In 71 BC, Gannicus, along with Castus, separated from Spartacus along with around 12,300 rebels, leading them to a region named Cantenna. Forced into battle against Crassus, he, Castus and most of their army were killed in the Battle of Cantenna.
Gannicus was born in a tribe somewhere near northern Gaul and Germania. He was later captured by the Romans and enslaved. Taken to Italy, he was then sold to Lentulus Batiatus and trained as a gladiator in his ludus, where he would fight others for the entertainment of the crowd.
He remained at this ludus for a number of years before Spartacus arrived, along with his wife, both also bought by Batiatus. Spartacus gained the respect and support of Gannicus over the next year, which helped him rally the gladiators in the ludus and finally break out of the ludus in 73 BC. He participated in many raids before the rebels headed towards Mount Vesuvius to await Gaius Claudius Glaber and his army.
Gannicus was fearless in the rebellion and possessed by a thirst for the fleeting pleasures of life. Gannicus was a close friend to Castus. With a love for battle, he reveals an excited grin whenever confronted. Beyond his cockiness, there's an underlying sense of honor about him that creeps to the surface. At first, like Oenomaus and Castus, Gannicus was doubtful of the rebellion, but as time passes and their victories increase, he considers it a worthy cause.
He was a respected leader of the rebellion, gaining the trust of Spartacus and also Crixus. He took any oppertunity to joke and trade barbs with the other leaders. He understood the other leaders well, and their intentions.
Gannicus was a Celtic gladiator of average height, athletic, with tanned skin and long, dirty blonde hair. He had several tattoes, one being a Nordic symbol representing invincibility. He was noted to have a remarkable charm.
- Main Article: Gannicus' Battles
- Main Articles: Gannicus' relationships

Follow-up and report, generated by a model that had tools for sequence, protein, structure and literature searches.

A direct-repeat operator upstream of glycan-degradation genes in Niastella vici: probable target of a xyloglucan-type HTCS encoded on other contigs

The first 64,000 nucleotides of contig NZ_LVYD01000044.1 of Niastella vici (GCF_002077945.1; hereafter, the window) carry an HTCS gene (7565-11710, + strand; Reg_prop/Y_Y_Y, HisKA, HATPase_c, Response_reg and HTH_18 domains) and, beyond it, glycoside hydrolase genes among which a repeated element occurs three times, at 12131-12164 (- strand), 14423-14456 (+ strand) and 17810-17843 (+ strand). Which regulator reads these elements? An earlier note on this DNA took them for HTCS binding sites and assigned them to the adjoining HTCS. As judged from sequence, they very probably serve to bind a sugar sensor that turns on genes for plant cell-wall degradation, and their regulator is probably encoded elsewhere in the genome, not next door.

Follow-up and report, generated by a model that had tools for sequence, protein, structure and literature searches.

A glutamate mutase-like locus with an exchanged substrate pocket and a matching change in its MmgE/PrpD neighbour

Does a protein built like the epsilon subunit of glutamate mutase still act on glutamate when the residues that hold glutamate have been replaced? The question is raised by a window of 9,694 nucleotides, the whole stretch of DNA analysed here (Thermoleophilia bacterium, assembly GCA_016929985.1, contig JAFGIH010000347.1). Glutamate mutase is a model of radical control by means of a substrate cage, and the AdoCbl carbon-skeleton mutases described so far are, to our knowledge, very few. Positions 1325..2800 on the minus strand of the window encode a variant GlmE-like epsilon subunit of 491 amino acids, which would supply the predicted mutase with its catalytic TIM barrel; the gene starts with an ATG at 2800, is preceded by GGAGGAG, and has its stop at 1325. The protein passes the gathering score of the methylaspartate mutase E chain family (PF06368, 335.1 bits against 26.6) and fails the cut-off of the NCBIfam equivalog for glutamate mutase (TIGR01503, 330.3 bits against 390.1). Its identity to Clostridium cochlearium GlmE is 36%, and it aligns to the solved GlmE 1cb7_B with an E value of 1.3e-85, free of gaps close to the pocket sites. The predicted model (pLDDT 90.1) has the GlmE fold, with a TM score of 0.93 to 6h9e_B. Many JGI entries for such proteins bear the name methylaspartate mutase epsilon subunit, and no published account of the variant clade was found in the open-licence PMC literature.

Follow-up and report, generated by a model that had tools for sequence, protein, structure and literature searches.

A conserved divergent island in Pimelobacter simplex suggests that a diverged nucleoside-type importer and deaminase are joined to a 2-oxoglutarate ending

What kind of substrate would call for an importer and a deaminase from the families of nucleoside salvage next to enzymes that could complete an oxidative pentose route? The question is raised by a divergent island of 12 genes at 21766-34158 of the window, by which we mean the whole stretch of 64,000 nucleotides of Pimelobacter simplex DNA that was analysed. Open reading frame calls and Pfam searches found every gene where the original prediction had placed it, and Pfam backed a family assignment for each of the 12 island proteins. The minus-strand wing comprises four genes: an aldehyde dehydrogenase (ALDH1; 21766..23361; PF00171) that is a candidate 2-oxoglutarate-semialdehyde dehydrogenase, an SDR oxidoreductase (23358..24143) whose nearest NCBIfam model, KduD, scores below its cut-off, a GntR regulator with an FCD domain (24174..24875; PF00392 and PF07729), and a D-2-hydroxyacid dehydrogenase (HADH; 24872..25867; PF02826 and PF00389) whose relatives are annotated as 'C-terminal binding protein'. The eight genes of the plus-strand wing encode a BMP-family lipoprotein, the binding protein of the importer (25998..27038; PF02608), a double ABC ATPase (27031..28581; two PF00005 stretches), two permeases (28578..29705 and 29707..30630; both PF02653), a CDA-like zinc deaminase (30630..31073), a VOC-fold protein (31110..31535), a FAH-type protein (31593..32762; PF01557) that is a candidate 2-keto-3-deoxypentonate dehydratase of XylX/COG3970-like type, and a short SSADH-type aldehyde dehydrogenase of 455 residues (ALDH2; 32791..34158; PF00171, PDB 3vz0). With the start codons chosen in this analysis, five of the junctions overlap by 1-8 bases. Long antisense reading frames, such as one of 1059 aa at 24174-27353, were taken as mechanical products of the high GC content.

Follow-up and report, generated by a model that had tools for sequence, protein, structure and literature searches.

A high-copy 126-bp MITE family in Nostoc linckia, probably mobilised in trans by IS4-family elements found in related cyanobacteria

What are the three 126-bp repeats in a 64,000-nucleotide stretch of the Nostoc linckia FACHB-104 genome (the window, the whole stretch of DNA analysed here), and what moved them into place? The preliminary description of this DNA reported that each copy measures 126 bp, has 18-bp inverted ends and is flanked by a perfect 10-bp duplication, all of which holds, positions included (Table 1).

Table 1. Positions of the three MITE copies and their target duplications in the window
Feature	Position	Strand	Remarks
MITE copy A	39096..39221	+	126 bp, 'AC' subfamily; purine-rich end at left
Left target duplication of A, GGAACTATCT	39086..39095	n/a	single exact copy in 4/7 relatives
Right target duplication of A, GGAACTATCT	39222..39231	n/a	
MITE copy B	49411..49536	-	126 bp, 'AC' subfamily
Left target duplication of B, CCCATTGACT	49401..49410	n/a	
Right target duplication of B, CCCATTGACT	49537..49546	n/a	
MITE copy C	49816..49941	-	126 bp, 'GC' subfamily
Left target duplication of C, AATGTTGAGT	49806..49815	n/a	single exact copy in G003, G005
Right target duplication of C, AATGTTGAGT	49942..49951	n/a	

He had a respect for women, but wanted relationships with women in the rebellion who were either captured warriors or gladiatrix'. He probably had no interest in women who were non-combatents.
Historically, Gannicus was of Celtic origin. His exact tribe is unknown but it is said that he is considered a brother both in bondage and tribal brotherhood with Crixus. If true, Gannicus may be of the Allobroge tribe. The homeland of the Allobroges extended across the modern French regions of Vivarais, Savoy, and Dauphine.
Gannicus (or Cannicus) was a gladiator from the gladiatorial school of Gnaeus Cornelius Lentulus Batiatus in Capua. Together, with the Thracian, Spartacus and the Gauls, Crixus and Oenomaus and Castus, he became one of the leaders of the rebellious slaves during the Third Servile War (73-71 BC).
In the winter of 71 BC, Gannicus, along with Castus, broke off from Spartacus, taking 12,300 rebels, primarily Celts and Germans. This marked the second break off of the rebellion. They were defeated in a battle in Cantenna by Crassus' commanders: Quintus Marcius Rufus and Lucius Pomptinus.
Gannicus and Castus met their end in Lucania, near Mount Soprano (Mount Camalatrum) where Marcus Licinius Crassus, Promptinus, and Rufus entrenched their forces in battle and defeated them. It is said that during the battle, Gannicus showed extreme bravery.
- While not a major or present character, Gannicus was first portrayed by Paul Lambert in the 1960 Spartacus film.
- Gannicus was later portrayed by Paul Telfer in the 2004 miniseries. In the movie, Gannicus is reimagined as a Thracian.
- Gannicus was later portrayed by Dustin Claire in the Starz original series. He appeared in the prequel series: Gods of the Arena, and later the second and third seasons: Vengeance and War of the Damned.